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Tim Shadbolt
Sir Tim Shadbolt
Invercargill Mayor Sir Tim Shadbolt says he felt ambushed and he had ‘‘hit a wall as the wolves circled’’ after a governance overhaul in the council this week.

He also accused his deputy Toni Biddle of disloyalty, while some of his counterparts believe he is the one who has not been loyal to her.

Invercargill City Council earlier this week approved changing its governance structure by culling four subcommittees and creating two — policy and partnerships and infrastructural services performance.

Those committees would have full decision-making powers and would be formed by all councillors.

The casting vote on matters would be for the chairmen of each committee. Meetings would be held monthly.

Sir Tim believed the decision would undermine his power.

‘‘The meeting was awful. I hit a wall as the wolves circled and technology glitches made the meeting very difficult.

‘‘People should be concerned by the new structure and the way it was put in place, championed by the chief executive [Clare Hadley] and my political opponents.’’

He accused the deputy mayor of campaigning behind his back for a new chairmanship role.

‘‘I expect a deputy to show loyalty, not jump ship when offered power,’’ Sir Tim said.

Ms Biddle said she was disappointed with his comments.

‘‘I have demonstrated my respect and loyalty to his Worship Sir Tim as I would anyone else in his role.

‘‘Loyalty is good in most cases. But, when people demand blind loyalty, people can stray from a righteous path and I will never be “blind loyal” at the expense of this community.’’

She said the council decisions made were reflective of the need for recovery.

‘‘These actions will streamline decision-making, efficiency and effectiveness for our community,’’ the deputy mayor said.

‘‘Regardless of Sir Tim's reaction or personal comments made towards me, I will continue to support our mayor as I always have.’’

Invercargill councillors were contacted yesterday about the meeting fallout and comments on social media questioning Sir Tim’s performance.

Cr Rebecca Amundsen believed the changes were necessary and said concerns about the ability of the mayor to chair the meeting was something she had raised before.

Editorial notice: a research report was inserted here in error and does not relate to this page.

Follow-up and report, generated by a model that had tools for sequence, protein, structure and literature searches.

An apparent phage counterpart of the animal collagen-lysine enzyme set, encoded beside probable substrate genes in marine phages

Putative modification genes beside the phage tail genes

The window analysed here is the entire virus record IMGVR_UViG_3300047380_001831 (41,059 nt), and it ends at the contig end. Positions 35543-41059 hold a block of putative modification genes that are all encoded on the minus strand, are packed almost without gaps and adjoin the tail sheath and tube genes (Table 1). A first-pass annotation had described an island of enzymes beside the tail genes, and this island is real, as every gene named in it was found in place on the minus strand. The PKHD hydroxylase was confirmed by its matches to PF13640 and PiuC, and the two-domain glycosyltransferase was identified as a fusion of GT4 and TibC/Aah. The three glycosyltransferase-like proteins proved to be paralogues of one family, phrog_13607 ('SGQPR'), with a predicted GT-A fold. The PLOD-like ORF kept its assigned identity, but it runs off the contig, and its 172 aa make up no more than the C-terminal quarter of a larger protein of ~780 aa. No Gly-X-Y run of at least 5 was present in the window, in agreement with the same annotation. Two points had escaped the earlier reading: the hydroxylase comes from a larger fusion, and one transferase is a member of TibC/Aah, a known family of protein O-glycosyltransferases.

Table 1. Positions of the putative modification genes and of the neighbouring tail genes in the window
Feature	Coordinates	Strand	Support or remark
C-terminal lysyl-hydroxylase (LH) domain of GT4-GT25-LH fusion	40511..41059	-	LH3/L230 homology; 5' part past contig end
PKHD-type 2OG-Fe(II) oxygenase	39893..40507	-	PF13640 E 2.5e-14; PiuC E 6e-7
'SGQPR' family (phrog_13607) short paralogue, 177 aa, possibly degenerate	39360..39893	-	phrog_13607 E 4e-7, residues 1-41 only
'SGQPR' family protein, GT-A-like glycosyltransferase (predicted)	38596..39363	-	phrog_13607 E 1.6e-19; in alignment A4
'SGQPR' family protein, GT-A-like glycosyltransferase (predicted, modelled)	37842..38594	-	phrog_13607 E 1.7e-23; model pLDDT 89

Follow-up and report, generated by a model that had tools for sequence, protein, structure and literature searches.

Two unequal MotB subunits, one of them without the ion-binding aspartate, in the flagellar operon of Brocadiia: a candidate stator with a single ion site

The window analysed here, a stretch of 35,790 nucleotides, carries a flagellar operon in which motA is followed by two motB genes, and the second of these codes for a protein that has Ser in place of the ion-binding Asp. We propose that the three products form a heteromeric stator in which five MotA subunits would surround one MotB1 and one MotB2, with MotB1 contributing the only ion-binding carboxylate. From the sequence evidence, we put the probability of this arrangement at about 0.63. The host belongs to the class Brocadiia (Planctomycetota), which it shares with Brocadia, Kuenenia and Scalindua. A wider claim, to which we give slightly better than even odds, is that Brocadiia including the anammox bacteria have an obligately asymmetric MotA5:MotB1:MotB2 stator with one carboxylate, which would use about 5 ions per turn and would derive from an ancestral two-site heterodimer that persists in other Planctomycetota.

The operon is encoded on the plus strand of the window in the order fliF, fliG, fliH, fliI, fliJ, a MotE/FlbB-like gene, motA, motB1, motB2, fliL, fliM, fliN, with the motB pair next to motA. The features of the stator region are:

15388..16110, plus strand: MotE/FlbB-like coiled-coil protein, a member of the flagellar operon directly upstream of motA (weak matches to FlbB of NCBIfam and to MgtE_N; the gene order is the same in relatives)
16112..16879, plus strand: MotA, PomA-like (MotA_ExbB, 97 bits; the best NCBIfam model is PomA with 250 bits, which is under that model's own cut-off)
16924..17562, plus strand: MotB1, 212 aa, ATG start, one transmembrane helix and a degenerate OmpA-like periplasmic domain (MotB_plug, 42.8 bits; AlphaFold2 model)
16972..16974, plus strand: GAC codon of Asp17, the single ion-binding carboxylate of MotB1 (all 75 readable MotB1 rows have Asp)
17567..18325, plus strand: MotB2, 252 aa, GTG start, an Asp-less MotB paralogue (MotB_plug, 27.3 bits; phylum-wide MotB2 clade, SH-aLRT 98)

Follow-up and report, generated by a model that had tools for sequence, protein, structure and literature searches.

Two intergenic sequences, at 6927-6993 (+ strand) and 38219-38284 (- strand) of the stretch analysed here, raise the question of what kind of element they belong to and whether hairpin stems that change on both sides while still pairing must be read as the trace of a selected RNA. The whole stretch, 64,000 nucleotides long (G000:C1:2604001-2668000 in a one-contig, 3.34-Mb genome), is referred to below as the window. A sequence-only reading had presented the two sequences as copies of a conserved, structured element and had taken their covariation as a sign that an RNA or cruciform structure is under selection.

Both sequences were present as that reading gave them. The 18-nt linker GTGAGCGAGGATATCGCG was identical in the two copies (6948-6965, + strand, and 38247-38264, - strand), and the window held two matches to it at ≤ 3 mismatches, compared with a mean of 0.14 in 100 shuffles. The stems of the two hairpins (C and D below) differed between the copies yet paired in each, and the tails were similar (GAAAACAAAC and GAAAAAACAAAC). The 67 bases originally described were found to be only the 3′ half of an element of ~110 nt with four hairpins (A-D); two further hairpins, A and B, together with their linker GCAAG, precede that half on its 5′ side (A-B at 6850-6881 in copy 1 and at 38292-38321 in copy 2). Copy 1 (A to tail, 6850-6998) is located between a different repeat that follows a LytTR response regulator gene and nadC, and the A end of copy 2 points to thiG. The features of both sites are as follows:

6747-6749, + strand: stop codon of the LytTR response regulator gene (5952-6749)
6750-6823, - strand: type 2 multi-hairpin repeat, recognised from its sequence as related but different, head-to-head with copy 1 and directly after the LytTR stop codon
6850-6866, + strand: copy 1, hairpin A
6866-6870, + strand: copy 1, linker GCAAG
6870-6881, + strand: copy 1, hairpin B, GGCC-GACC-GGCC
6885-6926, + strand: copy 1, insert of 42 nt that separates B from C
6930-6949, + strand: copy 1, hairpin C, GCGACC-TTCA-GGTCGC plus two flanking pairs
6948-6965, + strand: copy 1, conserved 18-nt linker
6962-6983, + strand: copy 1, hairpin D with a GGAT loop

Cr Nobby Clark said the move would ‘‘strip away from the mayor’’ some powers, including using a casting vote, in the new committees.

What ‘‘Tim sees as disloyalty,’’he said, he saw as the frustration of many councillors.

‘‘I've been a strong supporter of him. But he needs to look in the mirror to understand why his colleagues feel that others need to take some roles in running these meetings. It is time to address the elephant in the room.’’

Cr Clark was disappointed and said his casting vote for Cr Darren Ludlow instead of Cr Biddle was ‘‘not an act of loyalty.’’

Cr Ian Pottinger agreed.

‘‘I think those comments [about Ms Biddle] are unfair, unjustified and cruel.’’

Cr Graham Lewis was concerned Sir Tim seemed ‘‘a little bit disjointed.’’

‘‘What is causing that I have no idea. He is a man of extreme knowledge and the city owes a lot to him.’’

Cr Peter Kett said the mayor had a done a lot for Invercargill and Southland.

‘‘I admire what he has done but he has slowed down a bit.’’

Cr Darren Ludlow agreed but said Sir Tim’s reaction was disappointing.

‘‘The issue was about finding a more efficient way to operate the governance.’’

Cr Lindsay Abbott defended Sir Tim and said he would be loyal to any chairman, councillor or mayor.

He believed Sir Tim struggled because he worked from a paper meeting agenda when others were online and ‘‘he is not up with this technology’’.

Crs Allan Arnold, Alex Crackett, Nigel Skelt and Lesley Soper could not be contacted.


I feel sad reading this, Tim Shadbolt did so much for this small city. When he does go out, it should be in full glory. He put Invercargill on the map, and kept it there for years, whether you like it or not. The country will not like to see him being disrespected. You knew he was a character when he first became mayor, and he still is. That was never going to change. That is what put you on the map.

Quoting: "Sir Tim believed the decision would undermine his power." I have no sympathy for Mayor Shadbolt. The law was changed some years ago giving the mayor the right to name his deputy and Chairs and Deputies of council committees. Since these positions can have considerably higher pay than plain Councillor, supposedly on account of increased responsibility, the law putting them in the gift of the mayor is a clear financial incentive to suck up to the mayor. Before the law change by the National Party in government at the time of the creation of the Auckland supercity, the deputy and chair positions were voted on by the whole council. This is far more democratic and likely to get the most competent person for the position. Sounds to me as if Mayor Shadbolt had become accustomed to behaving dictatorially, aided by this BAD law. Some commenters said the law change was cynically intended for Auckland mayoral candidate, John Banks, so he could run Auckland on National Party lines. But Len Brown won, not Banks and so that didn't work but this bad law remained, prompting mayors to become dictators with sycophantic councillors.

Dunedin CC is also split but the mayor has enough power to keep the meantime.






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